“You don’t seem to understand a great many things, Baroness Flora,” said Anna, drumming her fingers theatrically on her desk, “including how laws work. See, there’s a little thing called parliament. You might have heard of it, Stein works there. I swear I’ve seen him around. It’s there that King Runeard would have taken the Northuldra Children Protection Act to pass if he’d been serious about implementing it. Oh, oopsies,” she added, as she put a fake-cutesy finger on her chin and looked about the room. Her voice dripped with sarcasm as she mockingly cupped her cheeks in her hands, feigning surprise. “I don’t see that Act ever having gone through the House of Ministers and House of Jarls, let alone being signed into legal existence by my grandfather.”
“There’s no need to be condescending,” said the vice-chancellor defensively. “Your Majesty, we know all this. Many of us were there before you were born. Why – “
Anna’s eyes flashed as she suddenly slammed her palm on the table, the loud bang jolting everyone in the room and sending a ripple of true fear and nervousness through the guests. Anna might be Anna, but she was still the queen. Stein began to shake. Could it be that she’d pieced the puzzle together? Was there any point in feigning ignorance now that Anna had shown them a side that, in her many years in the public eye, had never let anyone see – not even her former nemesis, Vi Mundilfari?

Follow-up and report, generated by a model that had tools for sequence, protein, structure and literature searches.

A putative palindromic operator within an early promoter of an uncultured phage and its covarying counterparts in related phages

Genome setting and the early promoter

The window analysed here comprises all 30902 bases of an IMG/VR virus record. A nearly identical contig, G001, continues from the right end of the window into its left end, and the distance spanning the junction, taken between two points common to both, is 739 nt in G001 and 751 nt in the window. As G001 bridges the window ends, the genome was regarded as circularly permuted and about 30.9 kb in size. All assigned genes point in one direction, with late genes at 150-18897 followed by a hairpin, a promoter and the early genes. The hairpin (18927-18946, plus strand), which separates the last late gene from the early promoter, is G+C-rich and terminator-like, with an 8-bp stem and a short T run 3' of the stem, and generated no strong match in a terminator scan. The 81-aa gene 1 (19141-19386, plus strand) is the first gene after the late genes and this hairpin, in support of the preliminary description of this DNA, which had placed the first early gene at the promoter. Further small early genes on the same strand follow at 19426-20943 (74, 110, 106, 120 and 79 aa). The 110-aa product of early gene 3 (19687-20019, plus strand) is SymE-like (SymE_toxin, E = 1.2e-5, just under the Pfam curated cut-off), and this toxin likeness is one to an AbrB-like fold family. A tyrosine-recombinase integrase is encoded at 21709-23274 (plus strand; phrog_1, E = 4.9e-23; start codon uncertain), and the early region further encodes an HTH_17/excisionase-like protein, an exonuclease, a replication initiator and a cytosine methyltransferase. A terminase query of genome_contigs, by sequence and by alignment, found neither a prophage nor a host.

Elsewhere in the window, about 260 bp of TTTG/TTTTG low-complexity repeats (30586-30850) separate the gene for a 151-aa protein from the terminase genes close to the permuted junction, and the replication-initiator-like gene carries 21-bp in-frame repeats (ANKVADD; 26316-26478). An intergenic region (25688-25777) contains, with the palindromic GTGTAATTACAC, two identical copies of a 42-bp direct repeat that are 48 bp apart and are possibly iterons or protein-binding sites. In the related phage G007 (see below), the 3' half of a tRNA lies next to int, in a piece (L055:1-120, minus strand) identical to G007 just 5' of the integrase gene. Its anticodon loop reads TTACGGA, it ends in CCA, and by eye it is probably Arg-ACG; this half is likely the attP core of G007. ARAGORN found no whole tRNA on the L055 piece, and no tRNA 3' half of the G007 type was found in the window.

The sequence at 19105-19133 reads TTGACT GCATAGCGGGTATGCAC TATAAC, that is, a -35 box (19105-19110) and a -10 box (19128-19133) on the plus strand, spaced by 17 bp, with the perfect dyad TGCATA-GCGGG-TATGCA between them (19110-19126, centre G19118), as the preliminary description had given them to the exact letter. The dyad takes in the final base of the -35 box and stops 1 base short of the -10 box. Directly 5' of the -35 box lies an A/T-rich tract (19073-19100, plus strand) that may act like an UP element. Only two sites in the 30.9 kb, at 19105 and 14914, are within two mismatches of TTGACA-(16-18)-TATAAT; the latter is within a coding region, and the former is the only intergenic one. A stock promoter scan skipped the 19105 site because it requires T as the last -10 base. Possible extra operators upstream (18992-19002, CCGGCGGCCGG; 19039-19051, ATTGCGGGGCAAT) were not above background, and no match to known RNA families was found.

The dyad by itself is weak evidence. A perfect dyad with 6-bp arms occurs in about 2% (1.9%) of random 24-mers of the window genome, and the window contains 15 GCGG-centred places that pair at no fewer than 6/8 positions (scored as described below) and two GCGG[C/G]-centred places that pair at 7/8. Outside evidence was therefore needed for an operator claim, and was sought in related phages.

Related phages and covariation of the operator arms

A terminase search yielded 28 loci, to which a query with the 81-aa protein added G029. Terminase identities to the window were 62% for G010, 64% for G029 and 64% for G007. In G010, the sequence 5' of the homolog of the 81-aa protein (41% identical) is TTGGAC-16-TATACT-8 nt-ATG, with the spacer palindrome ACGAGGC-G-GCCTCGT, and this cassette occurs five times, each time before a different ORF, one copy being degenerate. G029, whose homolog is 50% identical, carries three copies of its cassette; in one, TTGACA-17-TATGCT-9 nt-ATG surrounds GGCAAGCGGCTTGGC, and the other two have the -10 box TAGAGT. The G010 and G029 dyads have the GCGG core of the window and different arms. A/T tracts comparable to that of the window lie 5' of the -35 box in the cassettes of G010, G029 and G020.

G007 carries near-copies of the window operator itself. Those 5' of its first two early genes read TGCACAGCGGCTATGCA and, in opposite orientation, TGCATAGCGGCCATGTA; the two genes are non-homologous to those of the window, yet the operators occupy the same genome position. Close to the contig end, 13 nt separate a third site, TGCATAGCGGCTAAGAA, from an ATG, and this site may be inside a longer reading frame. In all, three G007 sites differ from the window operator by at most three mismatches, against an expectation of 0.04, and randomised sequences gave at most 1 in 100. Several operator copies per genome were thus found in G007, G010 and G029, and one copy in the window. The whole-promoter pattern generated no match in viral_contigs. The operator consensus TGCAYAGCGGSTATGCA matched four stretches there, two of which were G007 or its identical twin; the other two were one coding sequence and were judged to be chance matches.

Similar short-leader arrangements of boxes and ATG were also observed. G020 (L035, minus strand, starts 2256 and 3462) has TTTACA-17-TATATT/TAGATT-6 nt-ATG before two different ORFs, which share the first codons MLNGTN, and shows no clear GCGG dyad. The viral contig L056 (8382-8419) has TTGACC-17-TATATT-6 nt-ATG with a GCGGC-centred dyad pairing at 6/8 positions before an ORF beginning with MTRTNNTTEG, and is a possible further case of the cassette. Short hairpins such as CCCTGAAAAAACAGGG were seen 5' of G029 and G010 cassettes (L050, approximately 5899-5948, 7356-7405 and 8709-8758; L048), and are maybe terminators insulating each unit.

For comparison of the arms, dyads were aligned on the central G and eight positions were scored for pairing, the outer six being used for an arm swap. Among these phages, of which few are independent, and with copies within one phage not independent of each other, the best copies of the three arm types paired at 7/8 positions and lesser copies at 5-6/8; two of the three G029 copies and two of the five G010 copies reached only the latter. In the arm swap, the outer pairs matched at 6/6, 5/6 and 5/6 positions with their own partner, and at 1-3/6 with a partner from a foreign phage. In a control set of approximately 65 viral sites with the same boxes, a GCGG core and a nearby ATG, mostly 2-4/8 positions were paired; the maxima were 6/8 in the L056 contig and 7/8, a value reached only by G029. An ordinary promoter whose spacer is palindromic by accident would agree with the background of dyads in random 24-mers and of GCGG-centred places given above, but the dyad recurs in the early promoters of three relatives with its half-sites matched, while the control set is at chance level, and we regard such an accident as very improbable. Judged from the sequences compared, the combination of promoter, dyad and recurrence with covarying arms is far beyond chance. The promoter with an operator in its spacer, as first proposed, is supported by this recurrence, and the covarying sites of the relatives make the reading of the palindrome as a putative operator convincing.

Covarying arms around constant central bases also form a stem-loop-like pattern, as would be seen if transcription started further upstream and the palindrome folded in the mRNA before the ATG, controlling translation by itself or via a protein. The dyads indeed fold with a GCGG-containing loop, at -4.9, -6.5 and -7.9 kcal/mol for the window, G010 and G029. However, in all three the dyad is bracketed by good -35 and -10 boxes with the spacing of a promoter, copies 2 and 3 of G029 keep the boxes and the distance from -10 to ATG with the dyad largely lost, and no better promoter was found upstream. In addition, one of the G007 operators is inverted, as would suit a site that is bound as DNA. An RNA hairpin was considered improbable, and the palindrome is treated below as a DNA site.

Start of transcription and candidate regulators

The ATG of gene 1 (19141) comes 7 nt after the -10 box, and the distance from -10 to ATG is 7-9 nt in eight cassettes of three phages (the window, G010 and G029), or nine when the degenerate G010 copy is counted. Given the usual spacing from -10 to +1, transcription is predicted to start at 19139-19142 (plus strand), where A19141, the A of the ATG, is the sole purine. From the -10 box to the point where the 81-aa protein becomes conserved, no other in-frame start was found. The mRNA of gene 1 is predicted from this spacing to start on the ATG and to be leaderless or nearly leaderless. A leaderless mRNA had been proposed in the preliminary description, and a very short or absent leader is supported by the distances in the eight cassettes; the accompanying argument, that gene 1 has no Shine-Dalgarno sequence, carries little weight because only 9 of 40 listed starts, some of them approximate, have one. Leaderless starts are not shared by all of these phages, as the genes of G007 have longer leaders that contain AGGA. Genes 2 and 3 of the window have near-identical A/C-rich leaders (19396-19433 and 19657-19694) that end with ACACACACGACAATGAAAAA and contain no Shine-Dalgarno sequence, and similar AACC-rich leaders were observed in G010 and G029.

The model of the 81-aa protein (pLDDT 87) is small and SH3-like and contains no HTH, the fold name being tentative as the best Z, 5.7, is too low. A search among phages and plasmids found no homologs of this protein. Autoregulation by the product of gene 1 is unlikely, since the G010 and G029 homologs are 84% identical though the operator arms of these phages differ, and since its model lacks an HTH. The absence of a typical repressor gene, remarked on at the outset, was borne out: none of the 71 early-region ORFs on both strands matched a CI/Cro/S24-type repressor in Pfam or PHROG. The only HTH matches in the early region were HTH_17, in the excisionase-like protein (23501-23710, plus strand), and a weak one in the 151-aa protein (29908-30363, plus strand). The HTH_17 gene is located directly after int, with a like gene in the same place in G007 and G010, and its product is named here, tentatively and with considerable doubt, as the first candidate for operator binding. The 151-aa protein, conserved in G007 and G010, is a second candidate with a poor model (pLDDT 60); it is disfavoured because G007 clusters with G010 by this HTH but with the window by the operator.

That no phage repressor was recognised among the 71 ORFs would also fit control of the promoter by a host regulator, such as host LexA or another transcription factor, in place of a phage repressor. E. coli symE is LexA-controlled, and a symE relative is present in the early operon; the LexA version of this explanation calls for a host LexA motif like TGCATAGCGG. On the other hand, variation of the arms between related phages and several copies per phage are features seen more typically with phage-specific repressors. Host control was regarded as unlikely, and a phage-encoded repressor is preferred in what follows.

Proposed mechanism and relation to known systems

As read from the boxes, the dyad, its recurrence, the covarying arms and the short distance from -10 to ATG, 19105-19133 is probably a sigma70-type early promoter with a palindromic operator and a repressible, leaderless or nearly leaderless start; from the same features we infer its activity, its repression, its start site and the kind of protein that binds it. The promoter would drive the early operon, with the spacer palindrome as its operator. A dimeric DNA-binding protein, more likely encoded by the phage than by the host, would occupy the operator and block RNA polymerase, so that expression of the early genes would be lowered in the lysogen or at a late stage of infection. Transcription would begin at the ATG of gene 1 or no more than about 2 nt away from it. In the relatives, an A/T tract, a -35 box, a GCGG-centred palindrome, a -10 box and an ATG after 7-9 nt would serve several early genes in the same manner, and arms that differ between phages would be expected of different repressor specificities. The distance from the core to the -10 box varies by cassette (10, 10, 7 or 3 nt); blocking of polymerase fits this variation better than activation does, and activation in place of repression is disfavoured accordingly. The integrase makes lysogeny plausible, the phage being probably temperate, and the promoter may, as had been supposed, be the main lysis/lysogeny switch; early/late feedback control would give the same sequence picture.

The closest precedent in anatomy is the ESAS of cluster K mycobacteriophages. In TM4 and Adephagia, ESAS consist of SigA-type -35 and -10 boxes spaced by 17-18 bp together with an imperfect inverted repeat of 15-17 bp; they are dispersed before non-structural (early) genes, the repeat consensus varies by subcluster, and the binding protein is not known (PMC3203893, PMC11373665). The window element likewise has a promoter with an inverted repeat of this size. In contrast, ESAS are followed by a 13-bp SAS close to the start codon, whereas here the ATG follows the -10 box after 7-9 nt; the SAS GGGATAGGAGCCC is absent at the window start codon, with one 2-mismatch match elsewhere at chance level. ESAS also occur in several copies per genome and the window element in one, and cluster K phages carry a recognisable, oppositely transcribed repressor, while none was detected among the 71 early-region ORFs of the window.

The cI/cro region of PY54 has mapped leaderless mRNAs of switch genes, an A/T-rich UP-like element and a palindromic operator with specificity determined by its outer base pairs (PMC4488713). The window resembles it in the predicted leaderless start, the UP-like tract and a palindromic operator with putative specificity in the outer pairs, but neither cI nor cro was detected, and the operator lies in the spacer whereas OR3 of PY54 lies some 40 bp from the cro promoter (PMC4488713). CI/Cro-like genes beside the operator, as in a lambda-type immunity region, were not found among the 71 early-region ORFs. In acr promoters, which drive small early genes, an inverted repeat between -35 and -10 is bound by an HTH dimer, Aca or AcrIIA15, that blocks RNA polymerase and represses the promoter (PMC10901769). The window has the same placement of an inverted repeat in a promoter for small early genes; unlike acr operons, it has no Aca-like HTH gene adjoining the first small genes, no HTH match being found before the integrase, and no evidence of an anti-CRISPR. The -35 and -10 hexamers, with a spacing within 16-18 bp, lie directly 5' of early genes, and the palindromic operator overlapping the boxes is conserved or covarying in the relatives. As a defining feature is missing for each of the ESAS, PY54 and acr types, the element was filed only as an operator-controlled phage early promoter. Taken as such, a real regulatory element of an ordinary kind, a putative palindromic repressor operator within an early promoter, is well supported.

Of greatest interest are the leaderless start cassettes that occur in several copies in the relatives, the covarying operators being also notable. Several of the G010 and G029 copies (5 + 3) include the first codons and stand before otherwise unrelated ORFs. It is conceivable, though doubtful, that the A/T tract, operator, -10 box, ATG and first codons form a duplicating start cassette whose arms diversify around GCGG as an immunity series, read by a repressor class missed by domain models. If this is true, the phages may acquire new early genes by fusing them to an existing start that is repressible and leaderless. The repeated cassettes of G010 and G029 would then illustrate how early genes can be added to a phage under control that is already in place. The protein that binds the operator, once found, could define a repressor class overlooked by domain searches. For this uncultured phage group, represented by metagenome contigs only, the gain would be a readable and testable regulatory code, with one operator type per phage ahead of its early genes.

No, Vi never enraged her like Stein and company did. True, Vi’s machinations had hindered her Northuldra policies, and in the early days of her reign the Countess’s allied ministers almost got a second dam voted through. But these were all expected political battles. Anna was a big girl. She knew the world was complicated, and not split into mere good and evil. Enemies weren’t necessarily bound for a bad place, and she herself had had to become more canny, more cunning, more compromising since becoming queen.
No, what really triggered her was betrayal. She’d been betrayed once, by a man she’d thought was her true love and instead nearly murdered Elsa. And this – “This betrayal,” she said quietly, staring at Stein and Flora, “could’ve ruined the lives of Yelena’s chosen students. Yelena prepped Amira and her friends, asked them to come here to study in your university, Flora – because she thought the program was going to be such a nice exchange trip for the youngsters, totally without any ulterior motives to force them to stay in Arendelle, to have them slowly stripped of their identities, of their bond with the forest land and nature spirits.”
Her voice rose, freckled face flushed.